Thursday, 6 February 2014

Lion Brewery Mild Ale quality 1922 - 1923

I’m glad I started this series. It’s teaching me loads about some of the smaller, more obscure and long-vanished breweries. Particularly ones that disappeared in the 1920’s and 1930’s. The hard times after WW I seem to have precipitated a whole raft of brewery takeovers and closures.

Goding's Lion Brewery, built in 1836-37, was an imposing classical structure topped by a giant lion. Designed by Francis Edwards, with its prominent position on the Thames in Lambeth, it must have been quite a landmark*. The company was purchased by Hoare in 1923 and closed**. A fire caused serious damage to the building in 1931, but it wasn't until 1949 that it was demolished and replaced by the Royal Festival Hall***. The lion was removed before the building was knocked down and now stands at the Lambeth end of Westminster Bridge.

The Lion Brewery just before demolition in 1949.

I wonder if they would demolish such a remarkable building today? Probably, because of its prime riverside location. There's still plenty of architectural vandalism going on in London. That ridiculous Shard monstrosity, for example.

You can see that this is one of the stronger types of Mild which retailed for 7d per pint in 1922 and 6d thereafter. It's pretty highly attenuated and had quite a high ABV - between 4 and 4.5%.

Lion Brewery Mild Ale quality 1922 - 1923
Year Beer FG OG ABV App. Atten-uation Appearance Flavour Score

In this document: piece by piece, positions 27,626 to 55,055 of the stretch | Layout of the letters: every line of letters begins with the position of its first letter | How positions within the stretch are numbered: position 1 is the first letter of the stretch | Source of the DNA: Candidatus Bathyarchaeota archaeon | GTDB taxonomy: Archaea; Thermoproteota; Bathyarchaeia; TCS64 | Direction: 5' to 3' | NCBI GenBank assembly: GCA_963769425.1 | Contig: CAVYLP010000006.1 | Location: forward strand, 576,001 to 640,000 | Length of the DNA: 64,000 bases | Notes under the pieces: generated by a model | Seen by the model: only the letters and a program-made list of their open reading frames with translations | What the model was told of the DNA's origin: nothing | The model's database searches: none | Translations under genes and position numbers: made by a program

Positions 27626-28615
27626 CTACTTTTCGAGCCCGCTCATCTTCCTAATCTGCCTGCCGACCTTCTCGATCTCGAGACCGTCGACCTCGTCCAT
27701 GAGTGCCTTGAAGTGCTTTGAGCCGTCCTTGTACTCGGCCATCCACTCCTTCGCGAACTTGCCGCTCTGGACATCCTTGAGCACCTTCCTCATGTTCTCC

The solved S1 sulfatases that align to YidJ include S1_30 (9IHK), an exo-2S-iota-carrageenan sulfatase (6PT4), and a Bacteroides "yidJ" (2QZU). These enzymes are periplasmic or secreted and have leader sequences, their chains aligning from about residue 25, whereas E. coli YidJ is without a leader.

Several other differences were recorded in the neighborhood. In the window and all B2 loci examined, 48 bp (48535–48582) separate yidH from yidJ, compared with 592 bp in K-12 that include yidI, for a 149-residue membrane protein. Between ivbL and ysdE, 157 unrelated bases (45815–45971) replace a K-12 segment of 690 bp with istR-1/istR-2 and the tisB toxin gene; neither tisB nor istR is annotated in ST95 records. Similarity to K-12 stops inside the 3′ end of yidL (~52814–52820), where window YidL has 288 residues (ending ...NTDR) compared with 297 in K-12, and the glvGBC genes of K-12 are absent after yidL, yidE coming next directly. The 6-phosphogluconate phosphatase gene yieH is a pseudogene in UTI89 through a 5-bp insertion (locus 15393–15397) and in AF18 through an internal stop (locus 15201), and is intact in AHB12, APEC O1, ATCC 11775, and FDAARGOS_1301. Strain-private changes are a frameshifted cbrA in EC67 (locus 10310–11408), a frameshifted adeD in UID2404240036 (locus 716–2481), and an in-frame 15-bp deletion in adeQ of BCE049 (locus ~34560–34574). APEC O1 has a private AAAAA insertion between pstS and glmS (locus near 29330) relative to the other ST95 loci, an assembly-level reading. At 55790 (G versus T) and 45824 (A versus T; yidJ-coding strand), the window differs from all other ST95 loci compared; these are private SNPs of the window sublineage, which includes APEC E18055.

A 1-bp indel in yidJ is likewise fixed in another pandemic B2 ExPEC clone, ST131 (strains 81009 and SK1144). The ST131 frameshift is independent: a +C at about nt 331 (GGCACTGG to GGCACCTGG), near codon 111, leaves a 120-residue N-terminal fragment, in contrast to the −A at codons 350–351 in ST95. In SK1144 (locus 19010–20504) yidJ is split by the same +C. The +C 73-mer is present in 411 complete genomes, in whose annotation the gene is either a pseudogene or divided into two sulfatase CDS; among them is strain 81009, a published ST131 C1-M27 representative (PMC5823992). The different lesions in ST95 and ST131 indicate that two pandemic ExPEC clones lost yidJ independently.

1922 X 1005 1040.4 4.56 86.63% grey sound 1
1922 X 1006 1041.2 4.55 84.71% hazy fair 1
1922 X 1008 1041 4.29 80.49% bright v fair 2
1922 X 1008 1041.1 4.29 80.29% bright thin -1
1923 X 1008 1042.1 4.49 81.95% bright fair 1
1923 X 1008 1041.3 4.36 81.11% bright thin -1
1923 X 1008 1038.9 3.96 78.41% bright poor -1
1923 X 1008 1040.1 4.23 81.05% hazy v fair 2
1923 X 1008 1041.4 4.29 79.71% not quite bright fair 1
1923 X 1009 1041.6 4.29 79.33% not bright poor -1
Average 0.40
Whitbread Gravity book held at the London Metropolitan Archives, document number LMA/4453/D/02/001

None of the examples is very bad, though there are four with negative scores. The two pretty good ones more than make up for that an the average score is again modestly positive.

I'm sure you'll be sad to learn that there are just five breweries to go. Then you'll have an excellent idea of Mild Ale quality in 1920's London. Not sure that's of much practical use. But shouldn't learning be about knowledge for knowledge's sake?

* "British Breweries: An Architectural History" by Lynn Pearson, 1999, page 35.
**  "A Century of British Breweries Plus" by Norman Barber, 2005, page 84.
*** British History Online.


Craig said...

The Lion is from where Albany's John Taylor took many ideas from—most notably its pontos—for his last, and largest brewery. Taylor traveled to London in 1850, specifically to pilfer ideas from the large London ale breweries. A year later his new brewery on Arch Street and Broadway was built, employing much of the technology he saw at the Lion.

Lady Luck Brewing said...

I never knew that Lion was from a brewery.

Jeremy Drew said...

I've walked past that lion many times without knowing the story.

This link has some interesting details, including what it is made from, Emile Zola's fondness for it, and George VI's role in its preservation.

Martyn Cornell said...

That lion's younger brother, which stood on the roof at the back of the brewery, it now at Twickenham Stadium, painted gold.